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The Usability of Self-Service Beer

If your IoT experience is lackluster, will you keep coming back for more? Read on to see how one user's experience with an automated self-service beer dispenser​ turned out.

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I recently experienced a major failure in an interesting attempt at self-service automation — self-serve beer taps at a Milwaukee Brewers game. If self-serve beer would work anywhere, you’d think it would work in the beer capital of America — Milwaukee, Wisconsin.

Self service beer machine

If the system worked, self-serve beer taps would require fewer beer vendors, saving the concession company money. It could reduce time waiting in line, increasing convenience for the customers. And I admit it was a fun novelty to try out the new system and pour my own beer.

For a self-service system to work well, it has to be so extremely simple and usable, that customers can literally “walk-up and use” the system without instruction. However, self-serve beer taps are unique, in that they have to be far easier to use than other self-service systems, like ATMs or grocery checkout systems because customers become increasingly impaired by the product.

So let’s look at how the system works from an ideal perspective.

  1. You wait in line for a cashier.
  2. You purchase a $15 or $25 card, like a gift card, from the cashier. At $7.50 per beer, you can skip the cashier line the second time, with a $15 card.
  3. You take a plastic cup.
  4. You go up to one of the beer taps and tap your card.
  5. On a screen, you select the type of beer you want.
  6. A timer begins counting down on the screen, showing you how much time you have left to fill your cup.
  7. You pull the tap and pour the beer into your cup.

Problems with Self-Service Beer

That sounds pretty simple, but let’s look at the problems with the experience.

You Have to Wait in Line for a Cashier

I’m not a big fan of replacing people with machines, but isn’t the main benefit of a self-service system to save money on employees? And aren’t customers supposed to benefit by spending less time in line? Yet, even with several beer tap systems sitting unused, customers have to wait in a single line to purchase cards from the cashier. The line wasn’t that long at a late season Brewers game, but I imagine that the line would be much longer for a more popular game. I found out later that the cashier had an even more important job than to sell cards.

You Need to Buy a Card

When I got to the cashier, I used my credit card to buy a beer card, which I then tapped on the beer machine. Why the extra step of purchasing a beer card? Wouldn’t it save a few steps if I could swipe my card at the beer machine itself? It could even accept cash purchases as subway ticket machines commonly do. I’ve seen Coke machines recently that accept cash and credit cards, but I suppose the limitation with beer is that it has to be monitored to prevent underage buyers — another reason why beer can never be completely self-service.

The Timer Is Scary

Immediately after selecting the type of beer you want, a big timer appears on-screen with a scary countdown. Your immediate thought is, “Oh crap, I’ve got to hurry before time runs out!” Unless you’re a professional bartender, most people don’t know how long it takes to dispense a beer. The countdown timer scares you into hurriedly pouring your beer, which leads to the next problem.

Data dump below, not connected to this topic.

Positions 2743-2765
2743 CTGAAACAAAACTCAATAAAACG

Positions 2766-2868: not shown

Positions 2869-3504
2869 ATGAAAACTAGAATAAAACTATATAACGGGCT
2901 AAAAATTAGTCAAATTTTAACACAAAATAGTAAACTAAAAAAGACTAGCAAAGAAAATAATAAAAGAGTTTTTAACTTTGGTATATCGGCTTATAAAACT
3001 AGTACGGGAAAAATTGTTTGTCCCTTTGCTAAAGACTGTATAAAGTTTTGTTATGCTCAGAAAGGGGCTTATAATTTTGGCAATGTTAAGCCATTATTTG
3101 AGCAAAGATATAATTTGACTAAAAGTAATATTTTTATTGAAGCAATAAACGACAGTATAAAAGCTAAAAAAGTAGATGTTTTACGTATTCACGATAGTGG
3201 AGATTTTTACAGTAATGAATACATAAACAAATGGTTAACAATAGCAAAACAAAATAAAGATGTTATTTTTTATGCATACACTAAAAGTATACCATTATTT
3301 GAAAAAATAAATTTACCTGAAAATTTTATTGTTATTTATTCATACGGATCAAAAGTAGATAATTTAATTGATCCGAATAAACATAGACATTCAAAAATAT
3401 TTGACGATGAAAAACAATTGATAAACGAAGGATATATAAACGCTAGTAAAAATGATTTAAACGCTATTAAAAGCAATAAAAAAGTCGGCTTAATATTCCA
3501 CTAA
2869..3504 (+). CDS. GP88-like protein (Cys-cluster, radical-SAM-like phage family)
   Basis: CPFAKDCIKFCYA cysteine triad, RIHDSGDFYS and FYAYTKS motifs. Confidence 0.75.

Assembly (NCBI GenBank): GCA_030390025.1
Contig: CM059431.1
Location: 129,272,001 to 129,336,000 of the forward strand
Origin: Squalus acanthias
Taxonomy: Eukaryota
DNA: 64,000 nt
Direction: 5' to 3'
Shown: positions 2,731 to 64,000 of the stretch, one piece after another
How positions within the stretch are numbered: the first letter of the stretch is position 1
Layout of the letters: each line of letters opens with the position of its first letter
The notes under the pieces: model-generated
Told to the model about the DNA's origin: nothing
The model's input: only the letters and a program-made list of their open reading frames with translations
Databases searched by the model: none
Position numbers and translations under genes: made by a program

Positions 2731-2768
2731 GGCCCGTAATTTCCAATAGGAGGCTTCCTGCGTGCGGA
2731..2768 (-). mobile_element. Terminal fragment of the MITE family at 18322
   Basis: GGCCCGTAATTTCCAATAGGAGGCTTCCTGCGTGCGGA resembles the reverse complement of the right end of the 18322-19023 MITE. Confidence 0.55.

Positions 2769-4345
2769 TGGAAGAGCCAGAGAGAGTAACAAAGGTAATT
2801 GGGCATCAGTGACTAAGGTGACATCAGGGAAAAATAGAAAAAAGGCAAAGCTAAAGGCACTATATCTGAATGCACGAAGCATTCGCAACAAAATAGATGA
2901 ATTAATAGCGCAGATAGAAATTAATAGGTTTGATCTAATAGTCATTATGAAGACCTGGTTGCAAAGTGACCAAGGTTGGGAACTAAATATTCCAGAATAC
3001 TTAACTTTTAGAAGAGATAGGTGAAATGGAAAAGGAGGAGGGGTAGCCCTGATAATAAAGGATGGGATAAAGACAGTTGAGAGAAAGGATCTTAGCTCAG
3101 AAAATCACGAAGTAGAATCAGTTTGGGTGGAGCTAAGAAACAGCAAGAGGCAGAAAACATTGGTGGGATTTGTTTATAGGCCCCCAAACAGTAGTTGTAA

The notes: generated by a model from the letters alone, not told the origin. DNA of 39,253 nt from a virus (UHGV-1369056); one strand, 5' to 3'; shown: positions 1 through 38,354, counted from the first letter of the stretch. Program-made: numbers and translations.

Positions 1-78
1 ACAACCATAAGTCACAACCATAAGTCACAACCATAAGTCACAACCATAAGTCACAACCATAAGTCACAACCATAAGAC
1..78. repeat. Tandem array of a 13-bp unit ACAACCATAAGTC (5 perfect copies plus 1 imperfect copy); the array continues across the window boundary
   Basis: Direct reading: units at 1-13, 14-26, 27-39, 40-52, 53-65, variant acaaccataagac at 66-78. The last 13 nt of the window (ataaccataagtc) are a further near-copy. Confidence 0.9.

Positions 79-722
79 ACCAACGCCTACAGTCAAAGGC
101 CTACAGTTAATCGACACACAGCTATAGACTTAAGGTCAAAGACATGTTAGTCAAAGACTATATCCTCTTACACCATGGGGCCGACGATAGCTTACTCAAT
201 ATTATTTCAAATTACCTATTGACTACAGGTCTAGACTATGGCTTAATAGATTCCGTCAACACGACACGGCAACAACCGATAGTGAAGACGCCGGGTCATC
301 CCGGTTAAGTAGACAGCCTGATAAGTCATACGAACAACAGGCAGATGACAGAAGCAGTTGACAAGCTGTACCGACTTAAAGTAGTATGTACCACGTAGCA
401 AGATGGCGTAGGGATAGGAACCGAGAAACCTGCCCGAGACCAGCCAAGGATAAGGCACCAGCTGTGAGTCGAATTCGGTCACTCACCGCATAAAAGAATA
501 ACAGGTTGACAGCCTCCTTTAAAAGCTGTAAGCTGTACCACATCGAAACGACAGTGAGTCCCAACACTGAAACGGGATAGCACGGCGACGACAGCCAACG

It’s Difficult to Correctly Pour a Beer

When amateurs hurriedly pour a beer from a tap, the cup fills up with foam instead of beer. I used the system three or four times, and this happened to me every time, and it happened to nearly everyone else I saw pouring their own beer. The key is to take your time and pour it very slowly, yet the prominent countdown scares you into the exact opposite action — pour as quickly as possible before the time runs out.

Customers Need Assistance

Each time I filled my cup with foam, the cashier patiently came over, swiped her master beer card, and poured the beer for me correctly — slowly filling it with a very tilted cup. She did this automatically for nearly every customer as if it was just an expected part of the process. The customer would screw up pouring his or her beer, and she would come over and do it correctly for them.

Who Does This Benefit?

While the UX designer in me was fascinated at trying out this new system and noting its flaws, the beer drinker in me simply wanted another beer, but this system was too difficult. Self-service systems only work when they benefit both the company and the customer. With the need to employ a cashier to sell cards, check ID’s, and pour beer for most customers, and the fact that a lot of beer is wasted when customers fill up their cups with foam, I can’t see how it benefits the company. With the need to wait in line to buy a card, and with the inability to pour their own beer, it doesn’t benefit customers either.

I think the lesson is that some things aren’t meant to be automated. If I have to pay an outrageous price for stadium beer, I’d rather have an expert pour it for me. If you’re going to make customers do the work with a self-service system, make sure you design and usability test the system to ensure that it’s extremely easy to walk up and use.

The IoT Zone is brought to you in partnership with GE Digital.  Discover how IoT developers are using Predix to disrupt traditional industrial development models.

Topics:
game ,self-service ,systems ,time ,vendors ,beer ,card

Published at DZone with permission of Josh Anderson, DZone MVB. See the original article here.

Opinions expressed by DZone contributors are their own.

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